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RE: A plea for a new old language

At 11:39 AM -0400 5/8/03, Anton van Straaten wrote:
>Dan Sugalski wrote:
>>  I just spent part of last night and a bit of this morning putting
>>  together a layman's explanation of continuation passing style.
>Neel Krishnaswami wrote:
>>  However, I'm not sure why you feel the need to use CPS.
>It looks like Dan really needs to write a "layman's" motivation for the use
>of CPS in Parrot.  If the reasons it presents justify the use of CPS, and if
>it's sufficiently accessible to its target audience of potential Parrot VM
>developers who haven't previously encountered CPS, the document itself will
>help decide the issue.

That's a good point. So, quickly, here goes.

What I'm considering is changing parrot's calling conventions such 
that it is *mandatory* that the caller pass in a continuation 
representing the caller's return location, rather than just pushing 
the return address onto the stack. Right now when you dispatch to a 
sub or method the engine pushes a return address onto the control 
stack, and a return from a sub pops off that address and jumps there. 
The caller is entirely responsible for saving its environment, and 
the callee is responsible for making sure the stacks are cleaned up.

This can be something of an issue, as there's a fair amount of stuff 
to tend to. The caller needs to save off the current lexical variable 
chain head, the global variable chain head (we need to handle the 
lexical masking of global variables for Python), and the current 
opcode function table pointer. The callee needs to make sure the 
stacks don't have any extra or missing entries/frames.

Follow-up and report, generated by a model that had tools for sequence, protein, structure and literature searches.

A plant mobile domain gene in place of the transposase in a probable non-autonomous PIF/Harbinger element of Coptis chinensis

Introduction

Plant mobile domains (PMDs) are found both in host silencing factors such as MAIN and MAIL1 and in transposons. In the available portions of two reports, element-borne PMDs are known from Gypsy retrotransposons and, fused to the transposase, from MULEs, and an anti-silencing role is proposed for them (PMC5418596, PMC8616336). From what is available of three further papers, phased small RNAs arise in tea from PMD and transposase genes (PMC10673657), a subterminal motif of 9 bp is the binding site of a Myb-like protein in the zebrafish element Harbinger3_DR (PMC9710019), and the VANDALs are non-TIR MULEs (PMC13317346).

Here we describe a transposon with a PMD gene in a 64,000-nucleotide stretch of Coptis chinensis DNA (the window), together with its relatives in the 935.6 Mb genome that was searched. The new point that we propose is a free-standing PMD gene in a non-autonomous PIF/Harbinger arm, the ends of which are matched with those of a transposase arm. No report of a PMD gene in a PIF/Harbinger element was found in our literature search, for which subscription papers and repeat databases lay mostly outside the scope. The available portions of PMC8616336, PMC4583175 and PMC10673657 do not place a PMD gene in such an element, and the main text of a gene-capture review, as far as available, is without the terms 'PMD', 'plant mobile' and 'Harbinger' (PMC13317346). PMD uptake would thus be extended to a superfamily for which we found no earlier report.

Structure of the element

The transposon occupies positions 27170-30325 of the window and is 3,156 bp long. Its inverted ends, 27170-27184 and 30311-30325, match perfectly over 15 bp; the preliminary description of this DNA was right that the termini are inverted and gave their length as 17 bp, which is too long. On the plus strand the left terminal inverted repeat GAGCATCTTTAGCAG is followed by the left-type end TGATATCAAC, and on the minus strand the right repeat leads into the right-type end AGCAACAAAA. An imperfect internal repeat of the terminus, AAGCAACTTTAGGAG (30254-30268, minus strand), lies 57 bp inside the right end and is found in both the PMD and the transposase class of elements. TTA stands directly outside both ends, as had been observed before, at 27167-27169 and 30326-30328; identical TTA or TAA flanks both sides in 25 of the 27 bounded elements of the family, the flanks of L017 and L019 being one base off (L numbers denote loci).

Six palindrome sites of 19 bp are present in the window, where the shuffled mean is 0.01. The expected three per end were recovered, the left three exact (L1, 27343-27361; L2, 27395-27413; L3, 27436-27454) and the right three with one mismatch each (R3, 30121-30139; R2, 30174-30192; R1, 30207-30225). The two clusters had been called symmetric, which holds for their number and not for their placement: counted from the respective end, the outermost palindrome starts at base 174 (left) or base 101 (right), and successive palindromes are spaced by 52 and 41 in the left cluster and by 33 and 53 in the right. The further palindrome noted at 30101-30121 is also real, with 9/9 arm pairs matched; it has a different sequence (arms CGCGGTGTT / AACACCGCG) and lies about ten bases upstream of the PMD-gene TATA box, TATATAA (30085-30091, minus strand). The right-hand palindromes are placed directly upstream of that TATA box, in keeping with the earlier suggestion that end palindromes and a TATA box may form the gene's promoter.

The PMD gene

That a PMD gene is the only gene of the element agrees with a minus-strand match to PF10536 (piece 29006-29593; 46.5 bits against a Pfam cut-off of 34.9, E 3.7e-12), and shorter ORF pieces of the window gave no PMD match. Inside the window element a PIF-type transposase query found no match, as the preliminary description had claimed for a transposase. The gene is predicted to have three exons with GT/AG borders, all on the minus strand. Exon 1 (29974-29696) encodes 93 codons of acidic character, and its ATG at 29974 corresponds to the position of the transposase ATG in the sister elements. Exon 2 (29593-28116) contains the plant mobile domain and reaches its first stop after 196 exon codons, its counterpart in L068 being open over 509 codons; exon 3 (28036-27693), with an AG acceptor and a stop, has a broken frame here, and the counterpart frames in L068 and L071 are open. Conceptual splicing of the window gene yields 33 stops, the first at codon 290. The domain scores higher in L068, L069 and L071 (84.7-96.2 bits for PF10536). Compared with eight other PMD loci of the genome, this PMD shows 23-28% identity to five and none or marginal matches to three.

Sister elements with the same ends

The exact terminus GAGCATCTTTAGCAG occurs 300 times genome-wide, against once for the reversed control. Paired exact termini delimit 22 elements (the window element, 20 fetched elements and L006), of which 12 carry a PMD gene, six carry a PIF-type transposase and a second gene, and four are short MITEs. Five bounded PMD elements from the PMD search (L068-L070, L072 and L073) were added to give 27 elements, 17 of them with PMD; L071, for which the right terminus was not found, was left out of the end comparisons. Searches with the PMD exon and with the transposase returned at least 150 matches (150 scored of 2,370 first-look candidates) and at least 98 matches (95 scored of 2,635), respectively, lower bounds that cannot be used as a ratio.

Going CPS makes calling easier. Rather than a half-dozen "push this 
thing" ops, a call, and then a bunch of "pop this thing" ops, it's 
just "make CPS thingie", call. And on the callee end there's no need 
to track the number of elements/frames pushed onto a stack so they 
get popped at the end, you just invoke the CPS thingie and the stacks 
are put back in the state they were when the call was made.

It does conceptually simplify things, and thinking about it it 
actually makes long-term expansion of the VM with backward 
compatibility easier, since if there are more lexically scoped things 
added later (say, event mask/level, or IO filters, or something) old 
code will still preserve them right on a call since the "make CPS 
thingie" op would get beefed up to know about the new things, so the 
called function can mess around with them and not affect the calling 

The one issue that this does raise is "how do you affect the caller", 
since what if you *want* to affect the lexical chain or op function 
table of the caller? Though I suppose we could allow you to mess with 
the data stored in the CPS widget.

Does this make sense to anyone?

--------------------------------------"it's like this"-------------------
Dan Sugalski                          even samurai
dan@sidhe.org                         have teddy bears and even
                                       teddy bears get drunk